Ontario corn yields are expected to average 156.1 bushels per acre according to Statistics Canada, down from the 2018 yield of 166.0 bushels per acre. Using this yield, the 2019 corn production has potential to finish near 8.6 million tonnes, down from 2018 crop size of 8.8 million tonnes.
The Ontario corn market is trading at a premium to U.S. and South American corn due to the uncertainty in production and tight old crop stocks. For the week ending Sept. 2, year-to-date Canadian corn exports were 12,500 tonnes, down from 124,800 tonnes last year. We don’t expect the Ontario export pace to increase until late November or December. When Ontario supplies are available after harvest, prices will have to be lower to compete with other major exporters. Buying interest from local ethanol producers has deteriorated due to the negative margin structure. Ontario cattle on feed inventories are at seasonal lows contributing to the softer domestic demand.
The U.S. corn crop also needs favorable weather over the next month; therefore, we may see the futures market incorporate a small risk premium until the U.S. harvest is underway. This small rally will be a selling opportunity because world supplies are still burdensome and U.S. domestic demand remains very soft.
What to do: Earlier in summer, we advised producers to sell 30 per cent of their expected new crop production. This sales level is conducive to match the risk with quality and yields. Once the Ontario harvest is completed, we’ll increase our sales recommendation. Looking forward, we may see lower South American corn production as the market is encouraging soybean plantings. Export demand for Ontario corn may improve if South America has a crop problem. Next spring, the U.S. farmer will increase corn acres so we’ll want to have most of the crop sold before the March seeding intentions.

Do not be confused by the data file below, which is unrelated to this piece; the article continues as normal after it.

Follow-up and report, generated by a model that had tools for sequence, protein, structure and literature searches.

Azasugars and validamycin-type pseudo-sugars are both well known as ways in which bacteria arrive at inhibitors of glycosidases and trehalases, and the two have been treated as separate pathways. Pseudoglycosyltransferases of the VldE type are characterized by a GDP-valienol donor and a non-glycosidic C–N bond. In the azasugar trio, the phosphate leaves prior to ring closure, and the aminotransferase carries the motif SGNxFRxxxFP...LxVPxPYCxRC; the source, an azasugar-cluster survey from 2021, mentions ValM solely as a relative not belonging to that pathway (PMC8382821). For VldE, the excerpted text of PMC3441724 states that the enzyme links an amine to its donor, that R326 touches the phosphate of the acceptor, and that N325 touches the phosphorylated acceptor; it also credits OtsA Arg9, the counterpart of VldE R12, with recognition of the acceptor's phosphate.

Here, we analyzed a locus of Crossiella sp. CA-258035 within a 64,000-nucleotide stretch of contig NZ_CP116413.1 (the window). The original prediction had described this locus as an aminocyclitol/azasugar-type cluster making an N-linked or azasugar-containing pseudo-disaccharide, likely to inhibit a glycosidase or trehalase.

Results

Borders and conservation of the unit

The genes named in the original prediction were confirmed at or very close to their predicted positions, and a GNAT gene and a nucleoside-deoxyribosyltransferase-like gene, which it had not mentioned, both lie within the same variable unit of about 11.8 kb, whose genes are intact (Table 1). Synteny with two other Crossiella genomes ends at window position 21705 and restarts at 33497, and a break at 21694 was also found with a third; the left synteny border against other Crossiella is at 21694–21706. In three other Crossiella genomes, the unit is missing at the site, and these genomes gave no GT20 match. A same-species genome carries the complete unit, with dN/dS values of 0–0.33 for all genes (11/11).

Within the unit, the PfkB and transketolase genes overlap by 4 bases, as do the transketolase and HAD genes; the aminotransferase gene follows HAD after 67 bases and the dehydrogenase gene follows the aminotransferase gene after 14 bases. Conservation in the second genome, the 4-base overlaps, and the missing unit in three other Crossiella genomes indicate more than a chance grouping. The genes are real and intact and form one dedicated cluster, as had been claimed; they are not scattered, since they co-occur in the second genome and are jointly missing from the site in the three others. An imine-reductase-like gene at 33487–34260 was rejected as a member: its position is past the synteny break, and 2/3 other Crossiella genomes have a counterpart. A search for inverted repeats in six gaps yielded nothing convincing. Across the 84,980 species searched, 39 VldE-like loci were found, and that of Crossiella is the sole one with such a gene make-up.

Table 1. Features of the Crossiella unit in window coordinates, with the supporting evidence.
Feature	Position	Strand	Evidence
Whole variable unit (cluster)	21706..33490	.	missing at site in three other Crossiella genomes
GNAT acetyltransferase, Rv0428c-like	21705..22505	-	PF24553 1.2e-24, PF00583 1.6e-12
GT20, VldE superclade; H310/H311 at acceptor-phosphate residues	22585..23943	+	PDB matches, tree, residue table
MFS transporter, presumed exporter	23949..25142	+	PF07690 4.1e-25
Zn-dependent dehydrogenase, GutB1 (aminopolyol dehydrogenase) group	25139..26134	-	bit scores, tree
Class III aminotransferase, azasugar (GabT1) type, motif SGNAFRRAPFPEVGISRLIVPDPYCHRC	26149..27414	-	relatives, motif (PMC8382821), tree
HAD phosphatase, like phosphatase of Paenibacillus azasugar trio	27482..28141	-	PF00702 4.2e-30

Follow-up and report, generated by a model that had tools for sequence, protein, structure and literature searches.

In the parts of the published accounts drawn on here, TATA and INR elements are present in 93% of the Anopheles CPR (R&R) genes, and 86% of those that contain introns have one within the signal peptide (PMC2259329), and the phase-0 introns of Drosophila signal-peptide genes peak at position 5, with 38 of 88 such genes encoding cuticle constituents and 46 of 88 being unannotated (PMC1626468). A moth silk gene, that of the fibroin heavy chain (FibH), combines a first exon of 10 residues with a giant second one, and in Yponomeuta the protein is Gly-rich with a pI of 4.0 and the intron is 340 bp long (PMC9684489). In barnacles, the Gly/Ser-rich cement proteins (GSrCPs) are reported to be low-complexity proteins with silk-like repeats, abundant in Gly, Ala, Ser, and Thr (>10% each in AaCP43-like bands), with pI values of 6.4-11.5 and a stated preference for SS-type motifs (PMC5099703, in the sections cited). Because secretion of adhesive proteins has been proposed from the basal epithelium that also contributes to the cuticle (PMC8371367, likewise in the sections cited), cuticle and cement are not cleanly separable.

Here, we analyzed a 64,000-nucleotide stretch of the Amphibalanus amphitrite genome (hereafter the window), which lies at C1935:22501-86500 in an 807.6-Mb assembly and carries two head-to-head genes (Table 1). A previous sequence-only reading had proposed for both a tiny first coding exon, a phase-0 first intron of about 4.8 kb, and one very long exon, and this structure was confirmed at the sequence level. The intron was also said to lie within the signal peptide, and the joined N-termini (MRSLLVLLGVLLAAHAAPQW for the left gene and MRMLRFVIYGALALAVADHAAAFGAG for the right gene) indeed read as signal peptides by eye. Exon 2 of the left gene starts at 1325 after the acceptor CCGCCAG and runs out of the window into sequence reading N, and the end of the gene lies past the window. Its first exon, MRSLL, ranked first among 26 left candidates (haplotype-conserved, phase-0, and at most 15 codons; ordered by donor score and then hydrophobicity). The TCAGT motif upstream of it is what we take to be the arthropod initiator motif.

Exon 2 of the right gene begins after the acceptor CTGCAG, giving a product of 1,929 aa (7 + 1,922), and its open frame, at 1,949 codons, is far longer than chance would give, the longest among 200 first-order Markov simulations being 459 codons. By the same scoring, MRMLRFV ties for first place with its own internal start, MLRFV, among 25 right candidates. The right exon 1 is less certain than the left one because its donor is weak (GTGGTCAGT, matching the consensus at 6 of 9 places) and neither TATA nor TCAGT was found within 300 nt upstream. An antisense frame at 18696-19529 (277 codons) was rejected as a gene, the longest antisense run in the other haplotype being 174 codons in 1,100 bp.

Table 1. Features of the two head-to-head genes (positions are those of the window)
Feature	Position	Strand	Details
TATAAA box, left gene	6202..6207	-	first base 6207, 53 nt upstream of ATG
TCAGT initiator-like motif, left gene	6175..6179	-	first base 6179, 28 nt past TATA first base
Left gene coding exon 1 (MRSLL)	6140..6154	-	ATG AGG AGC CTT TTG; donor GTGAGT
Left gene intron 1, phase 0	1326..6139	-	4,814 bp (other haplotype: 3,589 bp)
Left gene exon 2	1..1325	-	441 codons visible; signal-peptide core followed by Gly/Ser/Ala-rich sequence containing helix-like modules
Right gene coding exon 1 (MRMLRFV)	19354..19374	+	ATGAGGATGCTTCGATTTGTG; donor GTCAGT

There was an old commodity trader that had four sons. When he died, the sons thought they were going to inherit his fortune; however, all he left them was his trading rules. In his will, he stated if they followed his rules, they would make a fortune like him. The book is called “Voice from the Tomb”; an old commodity trader favorite.
One of the rules was to buy wheat futures on Yom Kippur and sell on U.S. Thanksgiving. There is a very strong seasonal tendency for the wheat market to rally after the Northern Hemisphere wheat harvest is completed.
The average Ontario winter wheat yield was estimated at 79.3 bushels per acre resulting in production of 1.4 million tonnes. This compares to last year’s yield of 83.6 bushels per acre and a crop size of 2.1 million tonnes. We’ve seen active movement through the lakes system into Quebec for domestic usage and export movement. U.S. buyers have also been shopping due to year-over-year decline in U.S. production.
Milling wheat supplies in Canada are expected to be very tight for the 2019/20 crop year. The Western Canadian harvest was estimated at 25 per cent complete as of Sept. 9. Adverse rains are in the forecast for much of prairies which will downgrade the wheat crop. Protein is expected to come in below average. There is going to be a fair amount of feed wheat in Western Canada this year.
What to do: We advised producers to sell 30 per cent of the winter wheat production during the harvest period. Producers with feed wheat were advised to sell all their production immediately due to the burdensome feed grain situation. The current weather forecast confirms this decision. Our next sales recommendation will likely come in late October or early November. We’ll be listening to the “voice from the tomb” for the timing of our next sale.